Whitbread faces wage revolts despite bosses’ decision to forego bonuses | business news

The owner of hotel chain Premier Inn is facing a second straight year of pay rise after voting advisers opposed his decision to hand out bonuses to executives despite receiving government support during the pandemic.

Sky News understands that Whitbread, the FTSE 100 leisure group, is in talks with leading investors aimed at staving off a significant revolt at its annual meeting later this month.

Whitbread shareholders have been urged by Glass Lewis, a proxy advisor, to vote against the compensation report, while the Investment Association’s IVIS voting service issued a red-top notice, its most forceful warning, saying the institutions “are at odds with the Company’s rationale would have to be satisfied for…bonus payouts”.

The robust stance on Whitbread comes despite Alison Brittain, its chief executive, who voluntarily waived a £729,000 deferred payout after deciding it would be inappropriate to take it in connection with furlough payments and other government supports, that the company receives.

The hotel operator also reduced bonuses for the year by 25% to reflect the fact that it only received vacation pay in a quarter of its fiscal year.

ISS, another leading adviser to shareholders on AGM voting, has yet to give its verdict before the meeting, although a recommendation similar to that of Glass Lewis and IVIS would likely mean a fierce protest vote.

Last year’s Compensation Report was endorsed by less than two-thirds of shareholders.

People close to Whitbread said the recovery of the dividend during the fiscal year, the limited period that the company had accessed government assistance and the use of forfeited executive bonuses to set up a hardship fund for other members of the workforce had all calmed investor unrest.

The company’s financial performance has also recovered strongly since the series of COVID-19 lockdowns in the UK and Germany, its key operating markets.

“Whitbread’s compensation system aligns the interests of management with stakeholders”

A Whitbread spokesperson said: “Following a detailed review, which carefully considered shareholders’ views in the consultation process, the Compensation Committee remains of the opinion that the overall compensation structure of Whitbread aligns the interests of management with all stakeholders.”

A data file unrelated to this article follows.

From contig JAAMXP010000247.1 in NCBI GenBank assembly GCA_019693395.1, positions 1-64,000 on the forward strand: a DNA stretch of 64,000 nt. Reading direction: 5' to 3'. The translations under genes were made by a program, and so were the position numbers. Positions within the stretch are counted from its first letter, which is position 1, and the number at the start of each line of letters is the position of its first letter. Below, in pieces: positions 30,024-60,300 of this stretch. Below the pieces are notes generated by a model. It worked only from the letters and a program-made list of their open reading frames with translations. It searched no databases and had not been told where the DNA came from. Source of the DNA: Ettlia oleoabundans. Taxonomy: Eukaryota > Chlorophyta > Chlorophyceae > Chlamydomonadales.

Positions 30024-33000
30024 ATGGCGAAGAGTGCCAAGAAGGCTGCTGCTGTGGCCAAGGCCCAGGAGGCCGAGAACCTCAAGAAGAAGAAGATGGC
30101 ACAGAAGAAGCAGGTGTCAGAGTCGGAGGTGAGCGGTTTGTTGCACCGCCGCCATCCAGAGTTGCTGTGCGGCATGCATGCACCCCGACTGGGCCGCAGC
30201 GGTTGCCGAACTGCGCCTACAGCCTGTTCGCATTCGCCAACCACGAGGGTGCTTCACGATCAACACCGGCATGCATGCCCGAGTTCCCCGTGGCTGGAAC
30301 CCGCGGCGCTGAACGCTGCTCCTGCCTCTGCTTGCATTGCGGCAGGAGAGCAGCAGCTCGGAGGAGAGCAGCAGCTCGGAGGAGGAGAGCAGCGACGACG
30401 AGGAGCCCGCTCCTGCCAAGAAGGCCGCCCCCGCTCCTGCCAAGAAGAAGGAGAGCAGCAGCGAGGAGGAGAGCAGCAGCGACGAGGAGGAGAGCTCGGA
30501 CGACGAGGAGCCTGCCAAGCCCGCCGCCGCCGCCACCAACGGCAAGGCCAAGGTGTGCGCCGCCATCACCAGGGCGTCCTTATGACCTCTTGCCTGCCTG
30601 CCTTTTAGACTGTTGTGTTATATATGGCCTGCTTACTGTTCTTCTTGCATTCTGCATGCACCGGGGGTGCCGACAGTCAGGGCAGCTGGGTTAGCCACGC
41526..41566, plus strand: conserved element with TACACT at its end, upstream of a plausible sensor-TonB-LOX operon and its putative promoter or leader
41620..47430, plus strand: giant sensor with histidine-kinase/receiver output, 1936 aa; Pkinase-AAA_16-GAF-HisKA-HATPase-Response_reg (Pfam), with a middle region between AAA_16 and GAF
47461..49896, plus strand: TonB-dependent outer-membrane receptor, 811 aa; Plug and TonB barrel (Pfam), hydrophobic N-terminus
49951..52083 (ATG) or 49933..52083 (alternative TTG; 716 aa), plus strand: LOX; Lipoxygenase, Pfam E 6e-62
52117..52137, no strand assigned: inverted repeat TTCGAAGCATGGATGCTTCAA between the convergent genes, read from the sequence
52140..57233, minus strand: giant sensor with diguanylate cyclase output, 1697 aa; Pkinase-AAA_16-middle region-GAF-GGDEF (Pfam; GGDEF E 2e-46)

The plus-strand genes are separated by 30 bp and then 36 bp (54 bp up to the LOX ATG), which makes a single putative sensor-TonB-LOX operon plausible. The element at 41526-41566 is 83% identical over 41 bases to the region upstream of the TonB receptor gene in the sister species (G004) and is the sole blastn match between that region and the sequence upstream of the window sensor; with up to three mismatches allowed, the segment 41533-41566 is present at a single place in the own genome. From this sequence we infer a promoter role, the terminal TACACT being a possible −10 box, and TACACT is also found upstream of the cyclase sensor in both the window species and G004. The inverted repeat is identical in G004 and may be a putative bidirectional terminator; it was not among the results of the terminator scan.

Glass Lewis recommends that investors take a binding vote on Whitbread’s compensation policy, citing “no material concerns”.

While the vote on the payroll report is non-binding, a major rebellion would be uncomfortable for one of Britain’s best-known companies during a national cost-of-living crisis.

It would also highlight the ongoing tensions between blue-chip executives and investors at a time when companies’ ratios of top wages to average workers are under renewed scrutiny.

Continue reading:
The Premier Inn owner reports that Omicron has taken bookings and says room rates will increase if costs go up (January).

Many FTSE 100 Chairmen believe they are now at a disadvantage when trying to hire high quality executives because of the pressure on compensation packages.

A recent meeting between senior board members and institutional investors underscored the growing disconnect between the two sides, according to those present.

Companies as big as GlaxoSmithKline have seen major revolts this year, while British Airways owner International Airlines Group faces a similar prospect later this month.

Whitbread faces wage revolts despite bosses’ decision to forego bonuses | business news

Source link Whitbread faces wage revolts despite bosses’ decision to forego bonuses | business news

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